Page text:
Almost everyone loves a good adventure story and nearly as many of us enjoy a great biography. For the past decade, Candice Millard has made it her mission to combine the two in the form of compelling narratives about important historical figures.
Her 2005 book about Theodore Roosevelt – “The River of Doubt: Theodore Roosevelt’s Darkest Journey” – was a New York Times bestseller focused on TR’s nearly 1000-mile journey along a largely unexplored river flowing through Brazil’s Amazon basin (My review: 4½ stars)
Her 2011 “Destiny of the Republic: A Tale of Madness, Medicine and the Murder of a President” shined a fascinating light on the life, and death, of one of our least known presidents. If you’ve never read a biography of Garfield, you should – you might come away fervently wishing he was alive to appear on this year’s presidential ballot. (My review: 4 stars)
I thoroughly enjoyed both of these presidential “narratives” (they are not traditional, comprehensive biographies) so it is with no small amount of glee that I see Millard’s next book is due out on September 20: “Hero of the Empire: The Boer War, a Daring Escape, and the Making of Winston Churchill.”
This book covers just a single year in the life of Winston Churchill – 1899 – but posits that the year’s events (including his daring escape as a POW) were instrumental in shaping the leader he grew into. As I wrap up my nine-month journey through the best biographies of Franklin D. Roosevelt, I’ve become convinced that one of the first historical figures I must read about after completing the U.S. presidents is…Winston Churchill.
And although this is far from a traditional biography of Churchill, I’ve heard from two regular visitors to my website who received advance copies that this book is utterly spellbinding. I can’t wait to find out myself!
An interesting interview of Millard appeared in Friday’s “Fall Book Preview” section of The Wall Street Journal and can be found online here.
We now return to regular programming…
Charles Scott said:
In a perfect world, you’ll finish the presidents in plenty of time to do the kings and queens of England.
Agreed! And I’ve been told I should read biographies of the Prime Ministers as well (though I suspect a few of them are no more exciting than Zachary Taylor or Benjamin Harrison…)
Benjamin Disraeli! Robert Blake published a great bio in the 60s. Your list of selections for Churchill would be comparable to Lincoln’s list. The late Martin Gilbert’s work is incomparable.
Thank you for recognizing this upcoming book. I have been eagerly awaiting her account for a long time. Churchill wrote an entertaining – and well-designed first edition – account of his experience (London to Ladysmith via Pretoria).
Bill Monaco (@wemonaco) said:
I’ve been looking forward to her next book from the second I finished Destiny of the Republic! I am so excited about this book and can’t wait until September 20th. I’m planning a trip to DC to hear her speak at the National Book Festival, too! Thanks for mentioning her new book.
Dennis Branson said:
In my opinion, Winston Churchill’s six book series about WWII is the best account written about the war. A must read in my opinion. They would be a great complement to the FDR books that you are reading.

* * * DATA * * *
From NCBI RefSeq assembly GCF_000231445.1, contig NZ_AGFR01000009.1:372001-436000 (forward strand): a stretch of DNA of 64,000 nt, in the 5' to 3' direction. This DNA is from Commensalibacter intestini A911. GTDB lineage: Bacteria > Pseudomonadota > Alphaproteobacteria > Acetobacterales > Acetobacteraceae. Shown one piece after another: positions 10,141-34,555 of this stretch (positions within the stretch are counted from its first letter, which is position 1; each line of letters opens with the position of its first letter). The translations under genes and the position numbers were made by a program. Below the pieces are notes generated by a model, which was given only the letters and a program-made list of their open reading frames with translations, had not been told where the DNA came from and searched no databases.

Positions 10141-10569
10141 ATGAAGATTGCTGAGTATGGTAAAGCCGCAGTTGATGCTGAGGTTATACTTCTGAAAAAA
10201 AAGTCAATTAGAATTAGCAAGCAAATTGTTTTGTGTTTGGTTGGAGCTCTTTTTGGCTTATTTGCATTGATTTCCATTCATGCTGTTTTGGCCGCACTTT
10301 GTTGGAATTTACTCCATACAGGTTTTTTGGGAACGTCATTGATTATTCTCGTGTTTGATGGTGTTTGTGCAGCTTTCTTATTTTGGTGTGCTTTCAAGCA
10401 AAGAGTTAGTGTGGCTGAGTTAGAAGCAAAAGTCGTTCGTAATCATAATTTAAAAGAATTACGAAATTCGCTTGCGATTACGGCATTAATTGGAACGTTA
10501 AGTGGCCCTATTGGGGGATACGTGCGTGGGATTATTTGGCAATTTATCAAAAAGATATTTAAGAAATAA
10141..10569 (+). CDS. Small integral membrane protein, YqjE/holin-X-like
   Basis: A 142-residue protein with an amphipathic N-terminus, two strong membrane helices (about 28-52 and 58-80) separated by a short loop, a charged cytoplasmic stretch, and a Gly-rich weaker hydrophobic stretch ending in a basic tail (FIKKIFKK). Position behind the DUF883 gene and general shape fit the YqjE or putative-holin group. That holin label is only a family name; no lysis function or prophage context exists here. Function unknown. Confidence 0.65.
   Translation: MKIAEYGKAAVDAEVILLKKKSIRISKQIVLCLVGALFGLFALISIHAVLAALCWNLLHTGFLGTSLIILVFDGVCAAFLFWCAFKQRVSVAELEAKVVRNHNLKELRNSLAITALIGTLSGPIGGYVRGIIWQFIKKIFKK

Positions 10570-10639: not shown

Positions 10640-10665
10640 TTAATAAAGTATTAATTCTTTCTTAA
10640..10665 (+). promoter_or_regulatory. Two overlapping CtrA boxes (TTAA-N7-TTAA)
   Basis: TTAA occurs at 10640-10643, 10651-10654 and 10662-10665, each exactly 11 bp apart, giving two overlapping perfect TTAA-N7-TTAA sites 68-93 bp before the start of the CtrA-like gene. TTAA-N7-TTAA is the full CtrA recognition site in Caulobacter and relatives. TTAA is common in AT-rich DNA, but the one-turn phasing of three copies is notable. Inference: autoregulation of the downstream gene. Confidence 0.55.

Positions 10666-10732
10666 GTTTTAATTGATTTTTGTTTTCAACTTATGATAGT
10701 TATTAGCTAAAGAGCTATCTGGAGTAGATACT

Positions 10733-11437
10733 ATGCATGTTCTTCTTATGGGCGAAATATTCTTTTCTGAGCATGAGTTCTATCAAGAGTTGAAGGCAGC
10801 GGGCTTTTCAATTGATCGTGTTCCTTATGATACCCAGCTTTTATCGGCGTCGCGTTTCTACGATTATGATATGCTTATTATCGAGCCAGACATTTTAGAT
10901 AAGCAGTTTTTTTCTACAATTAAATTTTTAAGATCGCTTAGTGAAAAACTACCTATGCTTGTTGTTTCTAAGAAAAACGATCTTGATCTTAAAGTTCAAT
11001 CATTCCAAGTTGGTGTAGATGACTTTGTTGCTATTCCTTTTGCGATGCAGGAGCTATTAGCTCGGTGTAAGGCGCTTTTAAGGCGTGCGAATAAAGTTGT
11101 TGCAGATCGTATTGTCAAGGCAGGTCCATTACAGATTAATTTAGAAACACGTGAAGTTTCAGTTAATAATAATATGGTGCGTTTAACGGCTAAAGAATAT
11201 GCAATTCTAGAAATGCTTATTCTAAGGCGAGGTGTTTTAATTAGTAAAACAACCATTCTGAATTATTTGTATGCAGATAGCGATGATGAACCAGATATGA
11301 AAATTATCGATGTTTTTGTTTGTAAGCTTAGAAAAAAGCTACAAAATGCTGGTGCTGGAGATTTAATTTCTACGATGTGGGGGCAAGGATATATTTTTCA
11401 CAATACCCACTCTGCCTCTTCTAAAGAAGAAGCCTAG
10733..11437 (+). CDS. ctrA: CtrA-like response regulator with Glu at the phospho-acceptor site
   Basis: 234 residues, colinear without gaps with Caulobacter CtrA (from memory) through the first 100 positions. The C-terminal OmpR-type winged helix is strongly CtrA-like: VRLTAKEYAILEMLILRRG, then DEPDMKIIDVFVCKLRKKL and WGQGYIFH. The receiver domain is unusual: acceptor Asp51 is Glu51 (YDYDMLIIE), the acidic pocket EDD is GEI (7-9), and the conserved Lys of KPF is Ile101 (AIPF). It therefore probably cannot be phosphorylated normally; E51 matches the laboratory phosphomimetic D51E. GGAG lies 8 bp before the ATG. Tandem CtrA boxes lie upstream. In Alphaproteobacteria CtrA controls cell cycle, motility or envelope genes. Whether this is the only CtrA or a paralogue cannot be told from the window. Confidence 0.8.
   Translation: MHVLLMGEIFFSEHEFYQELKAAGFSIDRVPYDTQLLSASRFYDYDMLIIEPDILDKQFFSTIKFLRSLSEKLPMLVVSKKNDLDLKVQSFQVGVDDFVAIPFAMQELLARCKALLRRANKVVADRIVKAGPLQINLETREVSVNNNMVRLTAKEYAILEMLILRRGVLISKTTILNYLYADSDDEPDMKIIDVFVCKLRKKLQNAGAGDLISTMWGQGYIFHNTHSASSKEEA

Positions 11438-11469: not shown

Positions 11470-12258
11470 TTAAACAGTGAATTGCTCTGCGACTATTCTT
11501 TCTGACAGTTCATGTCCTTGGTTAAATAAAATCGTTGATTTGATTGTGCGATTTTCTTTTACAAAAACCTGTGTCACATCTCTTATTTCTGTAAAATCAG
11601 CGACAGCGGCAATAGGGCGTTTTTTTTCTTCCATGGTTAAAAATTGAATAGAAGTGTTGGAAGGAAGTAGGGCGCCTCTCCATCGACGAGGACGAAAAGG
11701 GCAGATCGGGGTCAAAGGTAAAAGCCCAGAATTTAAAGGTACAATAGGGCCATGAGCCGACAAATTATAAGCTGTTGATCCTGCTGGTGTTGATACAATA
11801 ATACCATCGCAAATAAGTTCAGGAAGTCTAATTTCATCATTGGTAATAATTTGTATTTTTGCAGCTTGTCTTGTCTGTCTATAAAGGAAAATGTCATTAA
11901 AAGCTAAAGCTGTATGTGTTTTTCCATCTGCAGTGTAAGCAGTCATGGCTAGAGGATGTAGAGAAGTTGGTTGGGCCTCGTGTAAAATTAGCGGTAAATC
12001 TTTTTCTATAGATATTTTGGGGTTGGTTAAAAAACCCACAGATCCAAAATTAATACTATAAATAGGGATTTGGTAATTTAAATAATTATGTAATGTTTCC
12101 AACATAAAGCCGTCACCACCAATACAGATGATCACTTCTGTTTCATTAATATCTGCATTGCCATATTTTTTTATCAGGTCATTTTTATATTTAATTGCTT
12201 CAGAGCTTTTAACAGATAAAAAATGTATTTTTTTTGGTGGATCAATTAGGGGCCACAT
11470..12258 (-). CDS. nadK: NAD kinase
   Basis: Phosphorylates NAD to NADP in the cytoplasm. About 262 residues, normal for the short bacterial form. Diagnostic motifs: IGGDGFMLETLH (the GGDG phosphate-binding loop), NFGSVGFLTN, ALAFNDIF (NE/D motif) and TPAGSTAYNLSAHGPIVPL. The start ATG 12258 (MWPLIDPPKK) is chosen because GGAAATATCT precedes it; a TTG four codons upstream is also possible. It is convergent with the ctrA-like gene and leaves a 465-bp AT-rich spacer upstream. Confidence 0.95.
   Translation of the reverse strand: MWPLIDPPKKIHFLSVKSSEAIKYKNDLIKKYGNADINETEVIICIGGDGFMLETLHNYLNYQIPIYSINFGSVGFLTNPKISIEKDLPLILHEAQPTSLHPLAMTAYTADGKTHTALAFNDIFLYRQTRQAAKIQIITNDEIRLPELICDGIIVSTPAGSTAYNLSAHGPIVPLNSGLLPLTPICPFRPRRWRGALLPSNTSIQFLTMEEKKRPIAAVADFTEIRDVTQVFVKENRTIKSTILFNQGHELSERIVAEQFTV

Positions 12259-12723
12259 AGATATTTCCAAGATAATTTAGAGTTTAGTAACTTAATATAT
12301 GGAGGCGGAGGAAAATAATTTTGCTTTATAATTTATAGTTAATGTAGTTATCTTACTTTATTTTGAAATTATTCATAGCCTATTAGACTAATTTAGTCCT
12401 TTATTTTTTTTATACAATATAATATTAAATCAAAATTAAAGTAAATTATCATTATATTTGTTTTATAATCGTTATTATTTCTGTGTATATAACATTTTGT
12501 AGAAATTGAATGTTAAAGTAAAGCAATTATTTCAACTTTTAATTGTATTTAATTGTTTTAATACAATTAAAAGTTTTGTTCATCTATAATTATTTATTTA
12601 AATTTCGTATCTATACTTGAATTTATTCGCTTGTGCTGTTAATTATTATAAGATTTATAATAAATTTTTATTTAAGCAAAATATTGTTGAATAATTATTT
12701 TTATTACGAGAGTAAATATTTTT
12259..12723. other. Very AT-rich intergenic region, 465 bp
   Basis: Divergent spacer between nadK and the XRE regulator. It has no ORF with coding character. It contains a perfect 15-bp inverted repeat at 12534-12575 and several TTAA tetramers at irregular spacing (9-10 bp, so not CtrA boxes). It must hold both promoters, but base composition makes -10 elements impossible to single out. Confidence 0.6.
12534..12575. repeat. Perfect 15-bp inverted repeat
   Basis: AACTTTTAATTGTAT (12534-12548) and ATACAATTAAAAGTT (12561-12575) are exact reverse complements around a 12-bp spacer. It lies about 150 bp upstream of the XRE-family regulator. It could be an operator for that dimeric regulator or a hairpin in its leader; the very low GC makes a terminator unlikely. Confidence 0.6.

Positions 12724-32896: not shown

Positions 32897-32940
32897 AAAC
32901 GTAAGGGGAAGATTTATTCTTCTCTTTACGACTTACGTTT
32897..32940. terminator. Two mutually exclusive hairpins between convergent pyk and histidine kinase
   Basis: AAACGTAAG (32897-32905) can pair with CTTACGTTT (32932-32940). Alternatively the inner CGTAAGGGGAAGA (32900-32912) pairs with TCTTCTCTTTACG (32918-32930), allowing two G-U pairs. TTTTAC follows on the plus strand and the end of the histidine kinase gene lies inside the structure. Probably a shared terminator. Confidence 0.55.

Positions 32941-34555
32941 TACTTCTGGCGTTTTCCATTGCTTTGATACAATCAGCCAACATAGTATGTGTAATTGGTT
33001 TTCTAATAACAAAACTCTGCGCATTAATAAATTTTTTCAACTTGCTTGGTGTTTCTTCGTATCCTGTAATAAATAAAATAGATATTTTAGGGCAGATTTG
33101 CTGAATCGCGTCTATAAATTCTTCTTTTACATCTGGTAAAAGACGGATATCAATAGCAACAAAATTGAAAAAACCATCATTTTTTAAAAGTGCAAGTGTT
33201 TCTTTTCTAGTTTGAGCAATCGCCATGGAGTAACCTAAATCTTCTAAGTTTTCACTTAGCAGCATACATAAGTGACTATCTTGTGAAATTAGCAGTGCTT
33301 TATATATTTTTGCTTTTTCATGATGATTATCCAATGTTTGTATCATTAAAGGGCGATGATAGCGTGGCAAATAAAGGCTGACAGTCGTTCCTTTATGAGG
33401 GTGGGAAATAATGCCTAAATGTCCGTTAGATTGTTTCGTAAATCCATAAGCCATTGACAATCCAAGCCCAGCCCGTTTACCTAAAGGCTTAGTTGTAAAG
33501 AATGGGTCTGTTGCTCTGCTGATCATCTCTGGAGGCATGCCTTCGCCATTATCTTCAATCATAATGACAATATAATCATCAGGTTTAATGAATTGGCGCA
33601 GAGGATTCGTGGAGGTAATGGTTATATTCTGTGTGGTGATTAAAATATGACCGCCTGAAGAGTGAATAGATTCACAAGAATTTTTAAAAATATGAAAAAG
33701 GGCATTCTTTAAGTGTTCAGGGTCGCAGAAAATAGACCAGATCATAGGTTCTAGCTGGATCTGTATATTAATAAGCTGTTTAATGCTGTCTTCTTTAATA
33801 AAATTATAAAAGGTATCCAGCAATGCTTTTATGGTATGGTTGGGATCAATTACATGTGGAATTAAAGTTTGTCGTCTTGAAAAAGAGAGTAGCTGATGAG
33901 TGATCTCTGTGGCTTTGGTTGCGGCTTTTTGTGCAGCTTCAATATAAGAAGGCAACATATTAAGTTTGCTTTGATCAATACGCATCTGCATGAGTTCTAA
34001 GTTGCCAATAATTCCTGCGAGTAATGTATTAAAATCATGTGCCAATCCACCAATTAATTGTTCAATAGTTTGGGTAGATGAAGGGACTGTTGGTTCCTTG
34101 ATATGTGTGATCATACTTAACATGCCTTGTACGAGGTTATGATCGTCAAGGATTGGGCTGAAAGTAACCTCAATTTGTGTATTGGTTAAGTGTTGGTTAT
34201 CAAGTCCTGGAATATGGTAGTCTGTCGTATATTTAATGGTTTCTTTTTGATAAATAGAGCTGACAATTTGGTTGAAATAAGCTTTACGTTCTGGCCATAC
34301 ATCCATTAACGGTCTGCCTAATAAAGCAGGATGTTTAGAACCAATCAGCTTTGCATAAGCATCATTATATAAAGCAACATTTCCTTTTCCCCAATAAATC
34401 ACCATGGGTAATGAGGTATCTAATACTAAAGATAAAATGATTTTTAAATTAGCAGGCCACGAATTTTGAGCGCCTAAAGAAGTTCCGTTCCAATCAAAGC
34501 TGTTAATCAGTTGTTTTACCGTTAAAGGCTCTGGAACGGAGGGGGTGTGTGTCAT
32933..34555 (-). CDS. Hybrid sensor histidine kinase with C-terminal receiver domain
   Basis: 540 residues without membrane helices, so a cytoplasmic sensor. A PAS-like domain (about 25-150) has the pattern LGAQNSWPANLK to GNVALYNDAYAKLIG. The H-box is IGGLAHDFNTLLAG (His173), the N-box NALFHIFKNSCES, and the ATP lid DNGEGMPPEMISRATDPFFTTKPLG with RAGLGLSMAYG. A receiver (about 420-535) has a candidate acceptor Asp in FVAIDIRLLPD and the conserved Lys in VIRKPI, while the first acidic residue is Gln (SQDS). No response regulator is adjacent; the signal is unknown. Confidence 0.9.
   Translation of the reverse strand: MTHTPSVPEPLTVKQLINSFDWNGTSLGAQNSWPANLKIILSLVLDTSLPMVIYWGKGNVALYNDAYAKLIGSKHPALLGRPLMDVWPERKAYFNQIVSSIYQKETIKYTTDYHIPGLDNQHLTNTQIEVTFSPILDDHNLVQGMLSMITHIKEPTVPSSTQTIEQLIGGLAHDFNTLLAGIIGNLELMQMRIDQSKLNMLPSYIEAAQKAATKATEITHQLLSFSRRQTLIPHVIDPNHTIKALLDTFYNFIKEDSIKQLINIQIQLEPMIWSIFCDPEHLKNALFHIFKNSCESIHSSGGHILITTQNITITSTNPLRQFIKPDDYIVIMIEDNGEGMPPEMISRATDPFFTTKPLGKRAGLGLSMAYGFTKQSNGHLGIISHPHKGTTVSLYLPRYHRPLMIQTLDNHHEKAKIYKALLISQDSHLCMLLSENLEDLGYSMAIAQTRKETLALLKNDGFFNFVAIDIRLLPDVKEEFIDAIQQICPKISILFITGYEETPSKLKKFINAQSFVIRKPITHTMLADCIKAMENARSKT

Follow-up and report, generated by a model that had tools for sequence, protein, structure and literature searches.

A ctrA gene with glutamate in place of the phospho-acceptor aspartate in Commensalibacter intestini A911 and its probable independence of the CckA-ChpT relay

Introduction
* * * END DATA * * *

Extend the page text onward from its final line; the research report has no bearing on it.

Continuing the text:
A truly excellent idea! Won’t happen imminently, but I will have to carve out some time for that series; sounds fantastic!
Regarding Churchill, I picked up William Manchester’s three book series last year. Anybody have thoughts on these?
From Ms. Millard’s Acknowledgements – about Manchester’s Churchill trilogy (completed by Paul Reid): “I have rarely encountered a writer with the ability to describe a scene with as much dazzling detail or conjure a moment from the murky depths of history as confidently and magisterially as Manchester. His writing is absolutely irresistible.”
The book is excellent indeed as it reads like a novel. Although I knew the ending, I still found my turning pages wondering what was happening next. A great follow-up to her first two books.
One waits for months for the book to be published, takes a few days to read the book, and then goes ‘How long until her next book?’ It’s much like finishing one of Caro’s or McCullough’s books.
Based on the Millard books I have read I couldn’t imagine this would be anything other than totally engrossing. I still don’t know exactly when I’m going to get to it, but I really can’t wait…!
It certainly would be nice if McCullough, Caro, Chernow, etc. would write a little faster 🙂
Terry Hutchinson said:
Manchester is excellent, although the last two thirds of the third volume (written after Manchester sadly passed away) aren’t quite as good as the others. Frankly, Manchester’s books are as good as Caro’s in my opinion.
Another Churchill book, is In Command of History, which is the history of Churchill’s History of World War II. Its by David Reynolds and its every bit as compelling.
As a historical figure, the life of Churchill is a bit like the life of T. Roosevelt. They lived life to the fullest.
TR has been the biggest surprise (in a good way, that is) president for me so far. His zest for life is unmatched and that obviously creates the raw material for a fantastic biography! So I can’t wait to read about Churchill & I’m going to have to look into Reynolds.
Alex Leach said:
One interesting Churchill book is ‘No More Champagne’, concerning his complex finances, written I think by a forensic accountant. It sounds as dry as dust but is actually fascinating, as it deals with two parallel stories: his political career and alongside it his appalling financial mismanagement which brought him close to ruin on several occasions.